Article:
BBC, Rachel Dobbs: “It’s much more than a frustration, it’s a very strong feeling,” says community leader Oie Sarv, who spent much of her childhood in Russia. “It’s like your roots have been cut through.”
She is one of the people of Setomaa, a traditional region that straddles Estonia and Russia, but who now struggle to maintain their way of life because the border is becoming increasingly hard to cross.
For a while a visa agreement between the EU and Russia made it relatively simple for people living in the border region to visit either side. But since the start of 2018, the Russian authorities have greatly restricted the number of visas issued.
Relations have always been fraught between Russia and its Baltic neighbour, but worsened in recent years. For the Seto people, the inability to cross the border can be heartbreaking.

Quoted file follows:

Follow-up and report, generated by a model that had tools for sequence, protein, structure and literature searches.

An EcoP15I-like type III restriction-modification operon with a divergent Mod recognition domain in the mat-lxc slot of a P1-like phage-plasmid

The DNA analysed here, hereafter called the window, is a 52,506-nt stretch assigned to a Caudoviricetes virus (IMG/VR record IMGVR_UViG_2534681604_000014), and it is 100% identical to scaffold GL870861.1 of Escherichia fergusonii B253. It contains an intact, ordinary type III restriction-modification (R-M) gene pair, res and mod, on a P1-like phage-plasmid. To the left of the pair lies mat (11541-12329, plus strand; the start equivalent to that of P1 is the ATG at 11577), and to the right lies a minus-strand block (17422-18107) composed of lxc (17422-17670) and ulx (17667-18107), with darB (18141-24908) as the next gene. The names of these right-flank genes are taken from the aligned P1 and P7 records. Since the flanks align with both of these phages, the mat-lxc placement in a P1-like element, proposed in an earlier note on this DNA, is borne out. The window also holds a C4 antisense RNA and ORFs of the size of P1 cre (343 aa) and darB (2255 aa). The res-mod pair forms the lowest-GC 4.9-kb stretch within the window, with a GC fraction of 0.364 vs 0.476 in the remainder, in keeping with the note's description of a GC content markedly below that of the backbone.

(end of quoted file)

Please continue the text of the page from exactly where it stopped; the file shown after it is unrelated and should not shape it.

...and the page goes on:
Eevi Linnamae lives in the tiny hamlet of Serga where she looks after a small Orthodox chapel. She laments that, because of the border, her mother and father are buried apart, which she says is “very tragic for the family”.
Over the years, the difficulties of living in the border area have led many families to move away, leaving a succession of “ghost villages” with 10 or fewer inhabitants.
Who are the Setos?
Setos have a unique culture with their own language and traditions. Seto Leelo, a type of polyphonic singing specific to the region, is listed as a form of Intangible Cultural Heritage by Unesco.
Seto ancestral territory covers an area of around 17,000 sq km (6,550 sq m), which nowadays is split between south-eastern Estonia and Russia’s Pskov Oblast (region). At least two-thirds of the land is on the Russian side, along with the historical capital of Petseri.
Please read more at BBC (Rachel Dobbs, BBC, 01.03.2020).